Thanks to Between the Beats for this article, for more great literary themed stories and reviews click here.

Author: Mark Fine

Author Mark Fine was a record label chief for PolyGram. Variety magazine named him “Music Executive with 20/20 Vision”—good thing too as Fine is tone-deaf. His failed efforts to compose a song resulted in the critically acclaimed novel, “The Zebra Affaire.” As research for his writings (and opinions) Fine immigrated to America from South Africa, in an effort to better appreciate being a stranger in a strange land. Due to his African roots, he is a strong advocate for wildlife conservation and is an ardent #RhinoProtector. Readers may follow him at http://www.markfinebooks.com and http://www.facebook.com/ZebraAffaire.

FiNE REVIEW: “Unsevered” by Traci Sanders. An emotional, yet hopeful Love Story.

This book’s loving message is meaningful: that in the most unexpected way second chances are always possible.

An unconventional tile: “Unsevered”

51lfwjT9lNL._SX321_BO1,204,203,200_Let me first address the book title, “Unsevered”. An unconventional word that’s both awkward to say and discordant to hear. Why not, for example “Unbroken” or “Unbowed”? Curious, I had to read the book, and in doing so, I’m impressed how with a single word author Traci Sanders was able to capture the complexity of the human condition.

The antonym to “severed” suggests amputation.

Forgive me for being personal here, but I lost my wife to breast cancer, and the emotional tear of feelings was akin to “amputation”–not only the permanent loss of a loved one, but also the knowledge that the future life we had hoped to live together was forever destroyed.

This is what Jewel experienced when she lost her dear husband Harley to the unkindness of war. But Sanders use of “UNsevered” is a clear indication that there is always hope, and that loss need not mean “severed”.

A glimpse into the full life of a woman.

To this reader (taken from my distinctly male perspective) it was a forthright glimpse into a wife, lover, widow, friend, daughter, mother and bride.

In doing so I sensed the quiet of an anti-war song, the pang of a love letter, the grief of a widow, the camaraderie of a friend, the undying gratitude of a daughter, the selfless love of a new mother, and the wisdom and courage to fall in love, again.

Is there an enriching life after grief?

Though it is a universal experience it’s amazing how ill-equipped we are when it comes to grieving; and then moving forward beyond those bleak days. There is no formula. However, many of us are crippled by the notion that we are destined to have only one single “great love” in our lives. This prevents us from moving forward with optimism, and hope. And that, for me, is the significance of this love story; it is author Traci Sanders’ valiant message of hope.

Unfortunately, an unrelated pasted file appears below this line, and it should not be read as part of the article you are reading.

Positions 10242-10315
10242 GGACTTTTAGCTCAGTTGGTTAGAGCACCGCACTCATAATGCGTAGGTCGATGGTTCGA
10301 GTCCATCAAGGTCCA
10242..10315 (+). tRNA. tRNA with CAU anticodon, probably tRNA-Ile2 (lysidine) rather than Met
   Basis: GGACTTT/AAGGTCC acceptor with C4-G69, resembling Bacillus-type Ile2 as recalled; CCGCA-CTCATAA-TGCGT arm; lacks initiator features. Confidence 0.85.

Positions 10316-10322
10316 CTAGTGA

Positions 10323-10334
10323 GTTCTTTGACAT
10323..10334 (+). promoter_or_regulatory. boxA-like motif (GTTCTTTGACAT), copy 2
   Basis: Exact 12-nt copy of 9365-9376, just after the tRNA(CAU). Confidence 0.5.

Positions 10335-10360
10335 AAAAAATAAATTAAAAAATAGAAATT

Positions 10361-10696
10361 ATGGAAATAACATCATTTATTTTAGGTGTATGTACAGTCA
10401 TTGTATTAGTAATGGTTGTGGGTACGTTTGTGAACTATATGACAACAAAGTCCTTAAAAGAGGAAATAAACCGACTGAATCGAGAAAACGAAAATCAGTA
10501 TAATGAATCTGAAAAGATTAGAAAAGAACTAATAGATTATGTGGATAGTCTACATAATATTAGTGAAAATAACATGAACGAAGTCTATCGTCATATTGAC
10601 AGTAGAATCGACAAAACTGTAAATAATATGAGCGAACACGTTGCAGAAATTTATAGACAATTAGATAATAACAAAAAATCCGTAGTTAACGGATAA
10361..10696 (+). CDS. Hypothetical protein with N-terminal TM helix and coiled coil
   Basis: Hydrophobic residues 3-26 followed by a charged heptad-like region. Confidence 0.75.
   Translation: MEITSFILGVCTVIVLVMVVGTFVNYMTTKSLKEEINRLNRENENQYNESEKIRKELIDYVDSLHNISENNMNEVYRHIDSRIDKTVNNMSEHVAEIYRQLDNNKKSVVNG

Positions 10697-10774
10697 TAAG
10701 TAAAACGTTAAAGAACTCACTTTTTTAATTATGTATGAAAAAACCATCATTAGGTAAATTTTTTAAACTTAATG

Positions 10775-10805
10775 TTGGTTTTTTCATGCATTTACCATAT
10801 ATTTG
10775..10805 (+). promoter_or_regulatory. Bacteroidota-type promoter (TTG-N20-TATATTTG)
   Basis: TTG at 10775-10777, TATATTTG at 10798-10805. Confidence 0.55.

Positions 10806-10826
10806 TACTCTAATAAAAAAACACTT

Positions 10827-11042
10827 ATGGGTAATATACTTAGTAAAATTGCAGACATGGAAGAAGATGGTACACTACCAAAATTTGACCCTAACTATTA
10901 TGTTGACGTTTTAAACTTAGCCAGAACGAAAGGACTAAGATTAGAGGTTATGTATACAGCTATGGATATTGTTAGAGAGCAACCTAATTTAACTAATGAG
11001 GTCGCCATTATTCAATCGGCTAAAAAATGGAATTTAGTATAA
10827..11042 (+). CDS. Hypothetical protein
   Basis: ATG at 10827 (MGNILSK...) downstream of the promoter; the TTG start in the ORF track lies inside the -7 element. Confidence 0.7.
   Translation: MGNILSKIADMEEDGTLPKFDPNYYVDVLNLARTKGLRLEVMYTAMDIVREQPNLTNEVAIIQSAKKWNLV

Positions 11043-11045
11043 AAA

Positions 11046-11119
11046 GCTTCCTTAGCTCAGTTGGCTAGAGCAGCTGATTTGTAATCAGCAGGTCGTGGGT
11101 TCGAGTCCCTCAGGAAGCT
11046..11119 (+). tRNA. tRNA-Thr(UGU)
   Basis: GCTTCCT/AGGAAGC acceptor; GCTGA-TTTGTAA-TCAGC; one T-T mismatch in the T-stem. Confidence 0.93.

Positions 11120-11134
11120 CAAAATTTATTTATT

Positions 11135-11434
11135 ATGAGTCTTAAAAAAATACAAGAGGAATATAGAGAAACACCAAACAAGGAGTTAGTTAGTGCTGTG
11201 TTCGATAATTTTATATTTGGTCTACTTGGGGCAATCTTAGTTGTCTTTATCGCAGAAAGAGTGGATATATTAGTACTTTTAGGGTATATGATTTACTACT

It tells us to keep our hearts open for the unexpected (Yes, that’s another possible title for this book “Unexpected”) because in the cycle of life we do get do-overs.

“Unsevered” is well worth the read. Get it HERE from Amazon 🙂

FINE REVIEW: “Bride Without a Groom” by Amy Lynch ~ Great Fun & Highly Amusing

Bride Without a GroomBride Without a Groom by Amy Lynch
My rating: 5 of 5 stars

Man, I loved this book! I chortled and giggled my way through all 300 odd pages. How could I not after floating in the head of one self-absorbed, dilettante named Rebecca on a mission to land herself a husband. As for the target of her ambitions, Barry the lawyer, well, he was simply outgunned. The poor man had to beat a hasty retreat to Bangkok, (or was it Hong Kong, or Taiwan?) in order to muster his defense against Rebecca’s ‘you have to marry me’ onslaught. In Barry’s absence there’s hope that Rebecca would see the light, which she attempts through a veil of self-indulgence, fried-foods and gin & tonics. But Rebecca isn’t alone in her quest as she has the unwavering support of her BFF, the wealthy Emer.

Every dastardly challenge is rewarded with a mani-pedi, spa retreat, body wax, spray-on tan, and another gin & tonic; in other words Rebecca’s world is deliciously superficial. And that’s the brilliance of author Lynch’s writing, because as a reader you still wish for Rebecca to get her man despite her obvious failings.

As for writing style, it’s so successful rendered in the first person, from Rebecca’s perspective, that I could not help but become fully engaged in her trials and tribulations. The dialog was sassy, snappy and spot on in a British/Irish kind of way (which I found thoroughly refreshing). I especially enjoyed it when Amy Lynch lifted the lid on the inner workings of Rebecca’s mind; I so enjoyed the ruminations and rationales made by this hopeful bride in her effort pursue her life’s single purpose–to get herself a husband. Poor Barry never had a chance! There is no doubt I’d be delighted to read Amy Lynch’s next book because of her ability to both charm and amuse me. A fun, fun read.

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FINE REVIEW: The China Pandemic by A.R. Shaw ~ A Post-Apocalyptic Thriller with a Humanist Heart

The China Pandemic (Graham's Resolution #1)The China Pandemic by A.R. Shaw
My rating: 4 of 5 stars

I totally enjoyed it, surprisingly so, as I’m typically leery of post-apocalyptic material. It is the gratuitous nihilism of the genre that tends to numb me. However, with A.R. Shaw’s “The China Pandemic” the caricature of dystopian mayhem is displaced, instead the reader is treated to a well-developed humanist portrayal of individual and community survival despite awful odds. The sense of responsibility borne on the shoulders of the main protagonist Graham, is palpable. His cautious generosity, taking care of a motley crew of survivors at great personal risk–some being children, is admirable to witness. Seeing the personal growth of all the characters as the narrative unfolds is satisfying; they are at times pitiful, vulnerable and cruel, yet, at other times they are resourceful, compassionate and selfless. This all seems plausible to me considering the extraordinary pressures everyone was living under.